Saturday, 1 July 2017

Woman responds to unsolicited explicit pictures from man by sending them to his mom

 Rebecca McGregor had grown frustrated with the number of unwanted x-rated pictures of men that were sent to her on a daily basis. Earlier this month the 21-year-old lingerie model and photographer decided to do something about it and found one of the perpetrator's mothers on Facebook, forwarding the picture.

Along with the explicit picture of her son, McGregor sent a curt message: "I think you need to have a chat with your son on how to approach women." 

She subsequently posted her revenge on Facebook. 

 The model from the Aberdeen, Scotland then posted a longer response to the unsolicited explicit pictures.  
"It's great people are supposed to just accept this just because it's online," she started the post which was posted June 21. "And if you don't agree with being sexually harassed by strangers you've never spoken to you're a 'man hater' 'deserve it' or just have to 'block them' 'like everyone else' and let them know it's 'acceptable' to start on the next stranger," she continued.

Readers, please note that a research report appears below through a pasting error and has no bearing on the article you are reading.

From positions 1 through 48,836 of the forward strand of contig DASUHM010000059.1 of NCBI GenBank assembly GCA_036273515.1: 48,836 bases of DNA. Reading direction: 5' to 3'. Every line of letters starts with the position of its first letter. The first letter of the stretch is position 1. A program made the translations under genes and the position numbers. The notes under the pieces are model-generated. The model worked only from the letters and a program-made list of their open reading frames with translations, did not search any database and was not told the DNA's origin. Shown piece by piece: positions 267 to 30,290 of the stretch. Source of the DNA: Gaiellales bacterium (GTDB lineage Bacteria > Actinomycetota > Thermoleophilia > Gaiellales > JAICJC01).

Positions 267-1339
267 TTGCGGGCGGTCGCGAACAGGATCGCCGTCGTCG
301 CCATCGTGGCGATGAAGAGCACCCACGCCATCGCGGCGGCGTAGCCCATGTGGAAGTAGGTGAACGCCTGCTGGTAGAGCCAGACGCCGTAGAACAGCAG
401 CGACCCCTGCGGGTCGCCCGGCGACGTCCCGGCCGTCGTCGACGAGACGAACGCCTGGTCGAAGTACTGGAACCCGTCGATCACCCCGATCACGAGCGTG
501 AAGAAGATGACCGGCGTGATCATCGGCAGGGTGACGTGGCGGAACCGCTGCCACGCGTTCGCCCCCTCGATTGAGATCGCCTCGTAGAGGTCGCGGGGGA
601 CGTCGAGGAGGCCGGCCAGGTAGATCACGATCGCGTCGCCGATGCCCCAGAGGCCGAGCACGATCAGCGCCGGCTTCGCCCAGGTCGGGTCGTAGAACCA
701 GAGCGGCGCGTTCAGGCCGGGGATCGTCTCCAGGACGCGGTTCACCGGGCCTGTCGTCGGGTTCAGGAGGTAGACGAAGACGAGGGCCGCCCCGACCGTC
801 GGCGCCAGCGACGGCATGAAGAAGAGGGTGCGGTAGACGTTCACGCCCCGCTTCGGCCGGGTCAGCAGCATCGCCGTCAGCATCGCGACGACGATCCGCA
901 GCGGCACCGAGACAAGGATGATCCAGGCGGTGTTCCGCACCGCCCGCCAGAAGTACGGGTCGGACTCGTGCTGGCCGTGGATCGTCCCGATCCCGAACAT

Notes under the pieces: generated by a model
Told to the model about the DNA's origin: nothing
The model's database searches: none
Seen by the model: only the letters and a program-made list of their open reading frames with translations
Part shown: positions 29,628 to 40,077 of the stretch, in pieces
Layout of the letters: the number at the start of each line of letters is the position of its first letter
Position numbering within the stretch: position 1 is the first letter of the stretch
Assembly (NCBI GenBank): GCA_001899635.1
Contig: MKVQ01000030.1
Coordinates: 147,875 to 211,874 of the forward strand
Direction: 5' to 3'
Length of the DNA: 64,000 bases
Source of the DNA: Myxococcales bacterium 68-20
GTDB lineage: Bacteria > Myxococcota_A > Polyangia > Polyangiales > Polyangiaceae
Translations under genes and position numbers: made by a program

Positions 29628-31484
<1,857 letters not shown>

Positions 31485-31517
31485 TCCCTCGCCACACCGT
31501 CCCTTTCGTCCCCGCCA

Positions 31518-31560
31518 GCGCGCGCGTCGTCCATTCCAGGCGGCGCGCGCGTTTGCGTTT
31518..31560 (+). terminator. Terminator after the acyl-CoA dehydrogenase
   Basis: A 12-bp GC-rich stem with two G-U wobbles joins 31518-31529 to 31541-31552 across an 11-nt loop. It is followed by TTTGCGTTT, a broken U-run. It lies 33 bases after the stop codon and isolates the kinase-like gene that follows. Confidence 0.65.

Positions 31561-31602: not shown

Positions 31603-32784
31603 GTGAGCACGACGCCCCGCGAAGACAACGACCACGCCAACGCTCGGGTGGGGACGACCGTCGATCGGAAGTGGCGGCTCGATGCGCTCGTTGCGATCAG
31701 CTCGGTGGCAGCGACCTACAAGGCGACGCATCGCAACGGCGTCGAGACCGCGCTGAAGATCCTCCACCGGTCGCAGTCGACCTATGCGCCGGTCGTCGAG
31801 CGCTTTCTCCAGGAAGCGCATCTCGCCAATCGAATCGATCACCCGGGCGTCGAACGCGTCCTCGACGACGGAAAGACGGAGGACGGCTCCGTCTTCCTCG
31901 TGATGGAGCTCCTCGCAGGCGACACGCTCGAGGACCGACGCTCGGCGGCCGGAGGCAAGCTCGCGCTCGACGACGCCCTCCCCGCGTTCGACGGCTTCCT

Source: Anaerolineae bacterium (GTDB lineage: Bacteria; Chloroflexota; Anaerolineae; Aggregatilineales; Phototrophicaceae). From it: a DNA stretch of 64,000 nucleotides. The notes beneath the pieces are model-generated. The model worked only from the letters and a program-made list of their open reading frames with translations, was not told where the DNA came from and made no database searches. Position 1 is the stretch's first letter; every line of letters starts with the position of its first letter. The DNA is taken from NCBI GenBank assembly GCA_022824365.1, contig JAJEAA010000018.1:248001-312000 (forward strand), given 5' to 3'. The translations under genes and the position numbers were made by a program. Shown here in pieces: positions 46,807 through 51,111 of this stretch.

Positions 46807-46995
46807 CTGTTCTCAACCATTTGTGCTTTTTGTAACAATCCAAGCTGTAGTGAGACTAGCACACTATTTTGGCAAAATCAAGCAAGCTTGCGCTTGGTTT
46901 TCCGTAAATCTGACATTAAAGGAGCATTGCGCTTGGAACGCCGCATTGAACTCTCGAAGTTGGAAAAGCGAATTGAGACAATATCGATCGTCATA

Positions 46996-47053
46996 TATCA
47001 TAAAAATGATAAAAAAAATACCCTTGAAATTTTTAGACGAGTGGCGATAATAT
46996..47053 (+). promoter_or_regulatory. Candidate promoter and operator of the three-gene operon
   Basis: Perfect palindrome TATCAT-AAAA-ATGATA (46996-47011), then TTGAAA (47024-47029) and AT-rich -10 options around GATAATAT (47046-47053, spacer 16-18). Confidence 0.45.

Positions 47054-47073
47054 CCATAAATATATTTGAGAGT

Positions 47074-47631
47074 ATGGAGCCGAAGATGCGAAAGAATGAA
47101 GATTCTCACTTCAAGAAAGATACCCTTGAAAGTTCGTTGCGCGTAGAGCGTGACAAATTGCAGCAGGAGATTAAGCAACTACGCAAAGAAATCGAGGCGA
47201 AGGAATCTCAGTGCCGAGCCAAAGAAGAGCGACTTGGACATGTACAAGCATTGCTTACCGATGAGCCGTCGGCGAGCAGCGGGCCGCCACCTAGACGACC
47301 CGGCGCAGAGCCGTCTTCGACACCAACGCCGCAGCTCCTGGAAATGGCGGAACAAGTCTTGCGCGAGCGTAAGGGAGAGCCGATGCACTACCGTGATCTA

"No one is 'ASKING FOR IT," she stressed before lamenting the expectations set by the social media environment. 

"I was told 'what do you expect' 'you shouldn't have Snapchat' 'you're on social media' by people, weather you're on social media or your accounts are PRIVATE or PUBLIC it does NOT 'give the right' to someone to expose themselves to you unwanted," she said.

 In an interview with the Irish Mirror June 23, she said that she receives unwanted photos multiple times a day without any conversation.
"I receive them at least three times a day unsolicited and mostly, they will just send them and not even try to say hi," she said. "Some might try and make conversation, but generally they just send them out of the blue and they appear in my inbox."
"It's not like they are getting to know me first and think 'she might like this,'" she added.

This is not the first time that McGregor has stood up about the differences between posting nude pictures and pornography. In May she posted a post on Facebook where she argued that nudity is "not synonymous with pornography." 
"Over the last few weeks I've had so much trouble with Instagram, (before anyone starts with the "1st world problems" no I'm not just a 'teenage social media addict', I use Instagram as a means of income, be it advertising for brands or exposure of my photography to get further business/shoots done)," she posted.

"Celebrities/brands that are supposed to be role models to young girls etc (Kim Kardashian, Beyoncé, Nicki Minaj, kylie/Kendal Jenner, Calvin Klein, Victoria's Secret, Ann Summers, just some of the celebs/brands that post more NUDE images/sexually explicit/sexually suggestive images but some how their accounts get kept up?" she wrote.
"I do not objectify the females I take pictures of, so why should my accounts be taken down?" she questioned.  

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